Beef Improvement Federation Research Symposium and Convention
Beef Improvement Federation Research Symposium and Convention
June 22-25, 2021 • Iowa Event Center • Des Moines, Iowa

Calving-ease Cows: Optimal or Extreme?

Selection for calving ease often results in decreased calf birth weights, but what are the consequences of selecting heifers based on easier calving and lighter birth weights?

DES MOINES, IOWA (June 23, 2021) — Seedstock breeders and commercial cattle producers often apply genetic selection for calving ease to reduce calving difficulty among first-calf heifers. Scrutiny may be applied to selection of replacement females and the sires to which they are mated. According to Gary Bennett, a recently retired U.S. Meat Animal Research Center (USMARC) scientist, direct or indirect selection of calving ease often results in decreased birth weight of calves. But what might be the consequences when heifer calves are selected on the basis of their genetic potentials for easier calving and lighter birth weight?

Bennett explained relevant USMARC research during the Advancements in Efficiency and Adaptability breakout session of the 2021 Beef Improvement Federation (BIF) Research Symposium & Convention hosted June 22-25 in Des Moines, Iowa. According to Bennett, studies involved lines of cattle selected for calving ease and control lines, with all followed through their fourth calving. Selection for similar yearling weight was applied to cattle from select and control lines. Bulls representing their respective lines were used on heifers, but the same bulls were used on both lines, as cows.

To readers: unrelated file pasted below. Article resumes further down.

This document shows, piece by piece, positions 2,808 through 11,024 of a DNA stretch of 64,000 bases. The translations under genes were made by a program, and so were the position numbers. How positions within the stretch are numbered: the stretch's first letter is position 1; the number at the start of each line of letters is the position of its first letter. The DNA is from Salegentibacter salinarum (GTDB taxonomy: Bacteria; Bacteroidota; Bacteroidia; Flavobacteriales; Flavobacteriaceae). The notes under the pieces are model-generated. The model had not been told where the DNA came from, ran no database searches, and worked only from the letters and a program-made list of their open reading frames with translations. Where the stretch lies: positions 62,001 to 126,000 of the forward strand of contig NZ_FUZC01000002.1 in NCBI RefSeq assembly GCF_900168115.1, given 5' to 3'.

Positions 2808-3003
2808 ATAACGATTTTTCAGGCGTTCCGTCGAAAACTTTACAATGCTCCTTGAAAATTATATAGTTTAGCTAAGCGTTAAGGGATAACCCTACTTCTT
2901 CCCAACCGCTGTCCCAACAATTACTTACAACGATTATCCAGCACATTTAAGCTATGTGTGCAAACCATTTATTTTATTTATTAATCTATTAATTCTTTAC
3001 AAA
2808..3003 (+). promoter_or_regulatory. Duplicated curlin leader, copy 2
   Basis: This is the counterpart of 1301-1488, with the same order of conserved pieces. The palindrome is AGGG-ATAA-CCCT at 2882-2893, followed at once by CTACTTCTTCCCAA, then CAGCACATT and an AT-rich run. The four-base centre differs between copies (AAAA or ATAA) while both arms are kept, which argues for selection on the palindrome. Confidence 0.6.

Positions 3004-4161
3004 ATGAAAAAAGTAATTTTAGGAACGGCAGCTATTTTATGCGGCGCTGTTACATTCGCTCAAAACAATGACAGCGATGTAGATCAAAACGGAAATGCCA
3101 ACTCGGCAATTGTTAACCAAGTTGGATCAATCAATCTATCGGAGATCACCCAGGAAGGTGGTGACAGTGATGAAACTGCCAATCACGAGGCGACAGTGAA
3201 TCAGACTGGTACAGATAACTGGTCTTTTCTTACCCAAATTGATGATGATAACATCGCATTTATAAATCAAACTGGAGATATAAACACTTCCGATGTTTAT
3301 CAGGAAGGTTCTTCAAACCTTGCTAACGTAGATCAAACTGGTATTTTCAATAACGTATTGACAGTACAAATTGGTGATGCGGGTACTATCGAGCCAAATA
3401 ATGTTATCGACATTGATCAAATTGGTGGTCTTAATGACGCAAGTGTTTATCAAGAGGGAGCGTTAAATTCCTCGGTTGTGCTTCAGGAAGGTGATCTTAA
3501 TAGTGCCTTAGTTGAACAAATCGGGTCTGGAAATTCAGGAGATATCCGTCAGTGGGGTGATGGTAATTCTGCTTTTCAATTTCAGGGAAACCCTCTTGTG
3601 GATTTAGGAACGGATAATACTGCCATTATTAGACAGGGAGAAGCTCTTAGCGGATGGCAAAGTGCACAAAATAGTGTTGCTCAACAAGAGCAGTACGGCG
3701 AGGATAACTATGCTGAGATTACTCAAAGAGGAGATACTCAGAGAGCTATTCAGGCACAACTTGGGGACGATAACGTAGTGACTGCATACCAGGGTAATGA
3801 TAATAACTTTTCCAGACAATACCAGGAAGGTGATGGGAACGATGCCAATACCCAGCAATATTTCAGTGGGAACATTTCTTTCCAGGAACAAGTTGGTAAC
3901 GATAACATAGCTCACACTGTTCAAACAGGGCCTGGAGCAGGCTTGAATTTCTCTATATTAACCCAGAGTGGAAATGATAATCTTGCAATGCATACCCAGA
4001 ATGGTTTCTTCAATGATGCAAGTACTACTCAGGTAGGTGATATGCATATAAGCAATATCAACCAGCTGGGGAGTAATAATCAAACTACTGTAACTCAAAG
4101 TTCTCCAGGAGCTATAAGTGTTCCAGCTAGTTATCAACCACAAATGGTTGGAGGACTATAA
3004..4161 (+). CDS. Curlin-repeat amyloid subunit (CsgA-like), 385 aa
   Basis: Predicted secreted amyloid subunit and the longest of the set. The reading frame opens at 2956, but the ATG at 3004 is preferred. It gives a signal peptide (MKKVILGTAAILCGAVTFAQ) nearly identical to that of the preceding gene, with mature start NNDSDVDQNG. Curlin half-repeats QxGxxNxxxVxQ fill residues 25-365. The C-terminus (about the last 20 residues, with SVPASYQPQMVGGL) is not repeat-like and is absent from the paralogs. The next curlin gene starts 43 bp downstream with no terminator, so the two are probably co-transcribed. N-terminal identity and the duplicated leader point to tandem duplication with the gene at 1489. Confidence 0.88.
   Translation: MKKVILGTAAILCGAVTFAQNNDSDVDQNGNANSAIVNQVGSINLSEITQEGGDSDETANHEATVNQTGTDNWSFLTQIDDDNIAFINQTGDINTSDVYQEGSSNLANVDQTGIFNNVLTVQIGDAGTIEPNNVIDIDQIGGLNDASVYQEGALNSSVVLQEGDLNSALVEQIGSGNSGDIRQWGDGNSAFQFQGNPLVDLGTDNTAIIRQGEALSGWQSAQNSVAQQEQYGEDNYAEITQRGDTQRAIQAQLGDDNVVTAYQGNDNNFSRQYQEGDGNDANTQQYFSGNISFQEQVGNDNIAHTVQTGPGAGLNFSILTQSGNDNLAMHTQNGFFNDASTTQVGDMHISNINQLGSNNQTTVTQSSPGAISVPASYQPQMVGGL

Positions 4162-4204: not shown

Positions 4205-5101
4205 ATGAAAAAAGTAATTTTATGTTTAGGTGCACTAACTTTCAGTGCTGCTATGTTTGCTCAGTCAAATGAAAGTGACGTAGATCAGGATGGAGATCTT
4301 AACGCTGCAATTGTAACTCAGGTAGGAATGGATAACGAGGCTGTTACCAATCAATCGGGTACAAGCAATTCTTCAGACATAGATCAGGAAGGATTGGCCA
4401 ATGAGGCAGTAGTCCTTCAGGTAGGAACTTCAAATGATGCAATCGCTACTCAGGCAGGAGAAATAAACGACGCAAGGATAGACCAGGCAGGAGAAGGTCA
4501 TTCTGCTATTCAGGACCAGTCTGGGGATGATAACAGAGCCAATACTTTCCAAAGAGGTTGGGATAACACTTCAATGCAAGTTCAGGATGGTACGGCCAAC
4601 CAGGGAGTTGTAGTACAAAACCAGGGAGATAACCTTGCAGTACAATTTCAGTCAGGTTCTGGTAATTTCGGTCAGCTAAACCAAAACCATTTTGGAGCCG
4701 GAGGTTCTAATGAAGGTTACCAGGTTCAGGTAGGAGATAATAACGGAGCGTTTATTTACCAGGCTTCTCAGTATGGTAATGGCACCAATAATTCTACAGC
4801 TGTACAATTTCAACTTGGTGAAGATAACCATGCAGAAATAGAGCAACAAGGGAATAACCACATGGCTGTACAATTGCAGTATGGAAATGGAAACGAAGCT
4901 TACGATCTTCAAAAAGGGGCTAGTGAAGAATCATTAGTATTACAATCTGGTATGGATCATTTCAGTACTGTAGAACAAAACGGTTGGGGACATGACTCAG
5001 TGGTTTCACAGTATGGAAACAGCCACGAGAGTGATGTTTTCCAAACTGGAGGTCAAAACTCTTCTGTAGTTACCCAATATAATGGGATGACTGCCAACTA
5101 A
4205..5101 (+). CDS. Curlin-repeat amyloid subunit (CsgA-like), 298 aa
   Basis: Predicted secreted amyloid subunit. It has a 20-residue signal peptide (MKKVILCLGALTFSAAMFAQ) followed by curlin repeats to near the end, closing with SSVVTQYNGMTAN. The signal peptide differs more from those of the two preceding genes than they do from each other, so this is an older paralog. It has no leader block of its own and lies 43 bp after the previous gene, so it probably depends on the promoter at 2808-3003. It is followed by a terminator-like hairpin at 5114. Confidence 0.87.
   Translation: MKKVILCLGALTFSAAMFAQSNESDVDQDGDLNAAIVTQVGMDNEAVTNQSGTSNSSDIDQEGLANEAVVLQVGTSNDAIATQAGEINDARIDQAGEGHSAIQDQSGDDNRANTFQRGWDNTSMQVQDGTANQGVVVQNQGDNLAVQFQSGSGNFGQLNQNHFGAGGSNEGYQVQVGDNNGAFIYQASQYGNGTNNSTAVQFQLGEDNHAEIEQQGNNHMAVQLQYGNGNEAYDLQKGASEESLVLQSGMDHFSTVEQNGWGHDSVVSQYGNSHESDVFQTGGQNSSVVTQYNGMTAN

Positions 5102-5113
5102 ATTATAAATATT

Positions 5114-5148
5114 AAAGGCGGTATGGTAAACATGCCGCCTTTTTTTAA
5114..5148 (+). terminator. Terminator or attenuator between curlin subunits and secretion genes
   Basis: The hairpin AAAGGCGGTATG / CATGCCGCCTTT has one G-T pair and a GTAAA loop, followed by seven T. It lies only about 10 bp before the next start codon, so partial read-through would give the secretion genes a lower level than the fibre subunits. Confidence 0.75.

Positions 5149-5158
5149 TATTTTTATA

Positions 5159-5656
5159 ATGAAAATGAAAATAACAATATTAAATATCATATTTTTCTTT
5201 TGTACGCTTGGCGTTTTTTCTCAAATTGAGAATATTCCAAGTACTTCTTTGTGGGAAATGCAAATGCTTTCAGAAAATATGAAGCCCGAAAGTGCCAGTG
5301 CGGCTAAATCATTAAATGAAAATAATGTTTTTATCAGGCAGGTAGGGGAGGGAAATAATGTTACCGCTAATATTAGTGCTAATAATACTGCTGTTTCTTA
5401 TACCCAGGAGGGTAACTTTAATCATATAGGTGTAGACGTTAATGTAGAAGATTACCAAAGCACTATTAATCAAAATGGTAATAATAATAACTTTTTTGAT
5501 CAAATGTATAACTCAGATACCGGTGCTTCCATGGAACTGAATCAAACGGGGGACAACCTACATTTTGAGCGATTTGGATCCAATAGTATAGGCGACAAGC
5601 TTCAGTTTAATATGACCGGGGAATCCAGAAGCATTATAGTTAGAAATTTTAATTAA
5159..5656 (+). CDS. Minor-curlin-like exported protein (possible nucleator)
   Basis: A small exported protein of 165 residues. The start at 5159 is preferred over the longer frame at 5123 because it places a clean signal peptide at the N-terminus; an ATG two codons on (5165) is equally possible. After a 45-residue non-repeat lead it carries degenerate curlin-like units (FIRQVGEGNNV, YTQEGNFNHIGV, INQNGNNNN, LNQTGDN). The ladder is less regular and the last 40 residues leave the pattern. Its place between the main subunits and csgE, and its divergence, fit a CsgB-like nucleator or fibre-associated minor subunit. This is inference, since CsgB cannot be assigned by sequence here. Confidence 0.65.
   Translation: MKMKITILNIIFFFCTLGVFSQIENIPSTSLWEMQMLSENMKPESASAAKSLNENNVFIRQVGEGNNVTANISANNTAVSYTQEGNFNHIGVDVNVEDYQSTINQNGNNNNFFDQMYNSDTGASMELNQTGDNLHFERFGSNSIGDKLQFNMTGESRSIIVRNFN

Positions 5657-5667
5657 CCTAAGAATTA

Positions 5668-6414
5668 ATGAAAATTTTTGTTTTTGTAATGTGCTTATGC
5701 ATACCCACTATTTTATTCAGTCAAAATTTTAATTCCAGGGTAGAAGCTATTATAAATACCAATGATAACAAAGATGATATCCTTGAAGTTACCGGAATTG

“The principal question addressed by this research is whether a genetic difference in calving ease, independent of growth to yearling age, had negative effects on cow productivity,” reported Bennett.

Sharing the results, Bennett said cows from the select lines representing calving ease exhibited lighter mature weights, smaller hip heights, and the potential for lower maintenance costs on a per cow basis. Select line cows tended to wean more calves and stay in the herd longer.

Select line females were assisted significantly fewer times at calving and, through their years in the herd, produced more pounds of weaned calf. Weaned calf weight per heifer starting the system was significantly greater for the select line due to greater survival rate among their first calves and greater calving success subsequently.

Noting the value of cull animals, Bennett reported that while mature weights were lighter in select lines, marketable cow weight was nearly identical to that of control line cows. Control lines did offer more marketable young cow weight, but select lines yielded more old cow weight.

“No important unfavorable effects of genetic differences in calving ease were identified in this experiment,” stated Bennett.”

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